Merrimac River settling in Nutfield.
RECOGNISE ANY NAMES?
These are the names of some ofthe other Bann Valley settlers.Do
you recognise any of thenames in your area today?
James McKeenJohn Barnett
Archibald ClendeninJohn Mitchell
James StarrettJames AndersonRandal Alexander
James GreggJames Clark
James NesmithAllen Anderson
Robert WeirJohn MorrisonSamuel AllisonThomas Steele
As well as Nutfield * the BannValley settlers establishedother
* Nutfield was eventually renamedLondonderry to please
DID YOU KNOW?The settlers took their skills and experiences with
them to America sothat linen spinning became a popular industry
just as it was in Ulster.
The SettlersCASE STUDY B
In 1772, Rev. William Martin, a Co. Antrim Covenanting minister
led a group of emigrants to a new life in South Carolina. They set
sail fromBelfast heading for the port of Charleston in five
chartered ships. Amongthem was John Barber and his family who
travelled on board the Pennsylvania Farmer.
The authorities in South Carolina gave grants of land to all new
settlers toattract newcomers. When Barber landed he received 100
acres as a headof household.
The group settled at Rocky Creek in Chester County where John
beganfarming and Rev. Martin set up a church.
Over the years John Barbour extended his land ownership and
other members of his extended family joined him in America, each
new family receiving their allocation of 100 acres.
John married another Ulster-Scot - Mary Agnew who had also left
Belfastin 1772. At the time of their marriage John was 35 and Mary
just 16. Thepractice of older men marrying younger women was not
unusual nor was ituncommon for girls to marry in their early teens.
The couple had 8 children,five boys and 3 girls.
Both husband and wife lived to a ripe old age. John died in 1843
aged 95and Mary in 1866 aged 99. They were buried in the cemetery
of BeershebaPresbyterian Church.
You can look at the church records for Beersheba Presbyterian
Church atthis website
Communion Tokens used inBeersheba Presbyterian Church
The cemetery at BeershebaPresbyterian Church
Letter from Home
This is part of a letter written by Samuel Blair to his
daughter, Nancy, in America.
Ballyvallough15 October 1848
We are all well. Thank God for his kind mercies to us. Hoping
this will findyou all enjoying the same blessing. We red your kind
letter of August 13th,one month after its date. We red no other
since McErenson arrived with you, ifyou wrote, it did not come to
hand. You say you got your blankets burned. Youmay expect them to
be replenished when Hugh Alexander arrives. Be thankfulyour
children were not burned with the blankets and be kind to the
blackman who saved the children. Although his skin is black, he is
one of Gods crea-tures as well as you. Although he is now in
bondage, death will set him free.
We have not heard from John for nearly three years. Write to him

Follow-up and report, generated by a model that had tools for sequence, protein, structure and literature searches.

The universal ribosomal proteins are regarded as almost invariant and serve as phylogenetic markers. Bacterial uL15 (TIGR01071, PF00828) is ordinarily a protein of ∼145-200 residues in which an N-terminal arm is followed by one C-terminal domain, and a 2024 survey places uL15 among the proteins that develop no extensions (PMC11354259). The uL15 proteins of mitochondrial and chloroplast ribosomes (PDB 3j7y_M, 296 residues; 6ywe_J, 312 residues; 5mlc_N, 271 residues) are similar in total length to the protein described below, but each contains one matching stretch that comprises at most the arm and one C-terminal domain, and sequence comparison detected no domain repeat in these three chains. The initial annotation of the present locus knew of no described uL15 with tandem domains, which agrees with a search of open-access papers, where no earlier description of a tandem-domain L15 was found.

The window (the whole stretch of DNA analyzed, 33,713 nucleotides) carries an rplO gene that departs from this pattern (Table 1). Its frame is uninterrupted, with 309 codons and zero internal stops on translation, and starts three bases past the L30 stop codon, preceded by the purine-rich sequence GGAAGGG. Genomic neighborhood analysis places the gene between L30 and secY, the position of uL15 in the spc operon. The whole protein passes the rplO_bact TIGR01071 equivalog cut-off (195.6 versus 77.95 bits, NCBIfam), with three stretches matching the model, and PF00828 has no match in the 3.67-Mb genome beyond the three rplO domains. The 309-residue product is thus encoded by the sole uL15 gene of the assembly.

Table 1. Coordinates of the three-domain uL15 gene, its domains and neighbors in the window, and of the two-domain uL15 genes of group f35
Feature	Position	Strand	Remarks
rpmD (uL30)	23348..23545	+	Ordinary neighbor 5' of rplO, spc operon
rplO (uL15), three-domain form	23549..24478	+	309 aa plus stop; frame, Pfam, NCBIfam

when youreceive this and let him know his mother is fretting about
word from him. Wethink he is dead or something wrong with him. Tell
him in a few years he willhave no father nor mother to write to for
we are bending hard towards thegrave. We are about 65 years old
both born in one year, the both tolerablyhealthy. We want to know
if you have saved any money and how much, andhow many cows you
have, and what furniture you have in the house, and ifyou have
plenty of work, and how much you earn weekly, the size of your
houseand how you generally eat and how much you drink of
We have not heard from Samuel for nearly two years. Crawford was
with us onMount Fair Day last, the first of this month. They are
all well, Ann and thefamily are well. She has got another son.
Patricks family is well, only themistress is not well since Mount
Hill Fair. The fair was on Monday. She andNed went to Belfast for
whiskey on Thursday night and did not get home tillSaturday night.
Esther over ate herself or got a surfeit. Or she ate somethingelse
that did not agree with her and has been in bed ever since. The
feeding ofNed has brought her to beggary, he is quite difficult to
...The potato rot has visited us again. Bushels of potatoes is
rotting out, buthay is abundant. Oat meal is 12 shillings for
hundred,.Money is scarce, andtrade bad. Our Irish rebellion is at
an end. Smith OBrien, their leader, islooking bad..William Blair of
Ballyvallough. Martha Rankin is dead andDavid Locke is a widower.
No more news, but may God Almighty protect youand your family. This
is the sincere wish of your ever affectionate parentsEsther and
(Added in margin: Tell Joseph McKinley he has a son and to send
Thomas Jemison and his young wife Jane (nee Erwin) left
Londonderryalong with their children John, Thomas and Betsey
probably in the year1742. They had decided to leave Ireland because
of religious intolerance.They were going to find a home on the
American frontier where they wouldbe free to worship God as they
As they crossed the Atlantic aboard the William and Mary,
another daughter was born and named Mary. The family landed in
Philadelphia andsettled down to life farming on Marsh Creek in
Pennsylvania. (You can seewhere that was if you look at a map and
find the town of Carlisle in Pennsylvania today). Mary recalled: